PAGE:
The Lost Works (#2)

film slateWhen I was a college film student, one of the first classes putting theory into practice divided the students into groups of three. The class goal was for each group to make three films. The group would rotate among themselves the key positions of Writer, Director, and Cinematographer. This allowed everyone a chance to experience those roles.

Our group produced one that was silly fun, one that was weird and off-the-cuff, and one that was interesting and which affected people.

Sadly, I have only memories (so I might be making this up).

Our group consisted myself (obviously), Steve, and Diana (which may, or may not, be their real names, I don’t really remember and generally can’t be trusted with things like that). The first film we did — which we kind of burned ourselves out doing — Steve wrote, I directed, and Diana shot. I’ll come back to that one.

The second was a silly bit of fluff that I wrote, Diana directed, and Steve shot. (We all did the editing on all three, and that’s its own story.) What I wrote was a Monty Pythonesque modern telling of Little Red Riding Hood with as many other fairy tales thrown in as I could think of.

Not us!

Not us!

We borrowed a red convertible Mustang that our “wolf” drove while picking up a hitchhiking Red (who did indeed have a red cloak). Granny’s house was a nice Los Angeles suburban house whose owner let us use their backyard and pool.

Rather than granny sleeping in bed, granny was sunning herself out at the pool. (At one point we had a “knight in shining armor” — an actor wrapped head to toe in tinfoil — stuck on the bottom of the pool vainly swinging his sword.)

It was typical college-level pot-tinged humor such as in A Funny Thing Happened On the Way to Purgatory, another college script I shared with you recently. But we had a lot of fun doing it. It was almost all exteriors, so we were outside, and we had a pool to swim in.

I might still have the shooting script somewhere. If I find it, I’ll post it. Maybe. Depends on how embarrassing it is to read.

That second film pretty much used up what artistic resources we had left after the first one, so the third film was something we knocked off for lack of energy, ideas, or time.

film out

Hey! Who let the film out?

We took over one of the college conference rooms for a day and shot a film about three film students desperately trying to think of an idea for their third film. Essentially we filmed ourselves.

Literally. We three were the only actors involved. We got another film student to do the actual camera work. Yes, that was cheating (don’t tell the teacher). We also shot it as we went along, so there was no script.

As the “day” wears on, the film students become more and more frantic and more and more crazy. The whole thing is just a series of short takes.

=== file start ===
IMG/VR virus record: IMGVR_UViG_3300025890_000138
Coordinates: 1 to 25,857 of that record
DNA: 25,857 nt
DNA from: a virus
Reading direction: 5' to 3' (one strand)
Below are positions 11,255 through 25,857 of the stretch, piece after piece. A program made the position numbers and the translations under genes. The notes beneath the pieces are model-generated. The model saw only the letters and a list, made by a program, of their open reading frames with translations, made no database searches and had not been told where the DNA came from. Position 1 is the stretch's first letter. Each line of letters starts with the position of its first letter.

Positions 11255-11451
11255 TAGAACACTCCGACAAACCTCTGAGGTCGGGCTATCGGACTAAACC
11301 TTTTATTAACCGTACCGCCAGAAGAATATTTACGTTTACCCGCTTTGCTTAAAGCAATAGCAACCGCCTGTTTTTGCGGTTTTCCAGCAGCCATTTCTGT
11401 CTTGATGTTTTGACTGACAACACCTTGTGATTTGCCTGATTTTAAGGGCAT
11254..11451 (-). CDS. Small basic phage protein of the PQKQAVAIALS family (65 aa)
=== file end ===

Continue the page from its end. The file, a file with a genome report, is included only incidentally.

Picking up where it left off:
It ends with Diana and I dead and Steve in fetal position gibbering in the corner. Diana is spread-eagle on the table, I’m buried under a huge mound of crumpled paper (which the room was filled with), and we’re all in our underwear.

In many ways it reflected the course of the semester for us.

The first film was a serious and well-done work (if I say so myself) that got under people’s skins and which made a sharp point (one I still ponder today). It really took a lot out of us, and we fought like cats through most of it. The film was extremely emotional, and so was making it.

not Diana

Not Diana!

But I learned that such battles can result in extraordinary results. For one of us to convince the other two that an idea was good, it actually had to be good. We fought over every detail, and as a result, every detail came out nearly exactly right. A very important life lesson for me on several levels.

The film is split into two parts: what you see, and what you hear. (We were shooting in Super 8mm and didn’t have synch sound, so any dialog had to be off-camera. One way we got around that is by having no dialog at all in the first two and shooting only reaction shots on the third.)

What you hear appears to be the soundtrack of some talk show with a moderator and two guests, one clearly a liberal and one equally clearly a conservative. The topic of discussion is the value of humans, in particular the value of recidivist criminals.

The liberal (a female voice) argues for the “unconditional value” of all humans (and the name of our film was An Unconditional Value) and for progressive, compassionate treatment. The conservative (a male voice) argues for strict, even harsh, measures against “people like that.”


We weren’t that young, although these days that’s about how young college students look like to me.

We actually did write and video tape our talk show. As you’ll see, we had to.

What you see was this:

We start with a man driving a car through an upscale part of town (Beverly Hills, in fact). He stops at the curb before one house, goes around to the back, and breaks in through the back door.

As he explores the house, we understand that he’s a burglar (the black gloves were a bit of a give-away).

Then he hears a sound outside, peeks through the window, and sees a well-dressed woman driving her Porsche into the driveway. He watches as she gets a bag of groceries from the car and approaches the house.

The burglar runs into the kitchen, goes through the drawers, and finds a large, heavy knife. (We were particularly proud of an over-the-shoulder shot showing him get the knife from the drawer. We lit it so a reflection of light runs down the knife as he lifts it towards his face.)

Mr Burglar then goes to the bedroom and hides in the closet. You can probably guess what’s coming. And you’d be right.

not Diana 2

Also not Diana. Just how old do you think I am? We had color!

The woman drops her groceries off in the kitchen, goes to her bedroom, and starts to change clothes. She’s in her slip when she goes to open her closet door, and out pops the Bad Guy.

There is a brief, violent struggle that ends on the bed, and we fade out on her hand gripping the sheets.

We fade back in on her dead bloody body on the bed. As we pan along her body we keep panning and end up on the small black and white TV by her bed. She’d turned it on when she first entered the room.

Remember that through all of this we’ve been hearing the talk show soundtrack. What we see (warning: heavy college-level irony ahead) when we end up on the TV is that the liberal we’ve been hearing is the dead woman on the bed.

The point, glaringly obvious, is to raise the question whether people all do have unconditional values. Were the Founding Fathers right about “inalienable rights” or can some make it clear they have no interest in being part of the human race? Can you, in fact, alienate your human rights?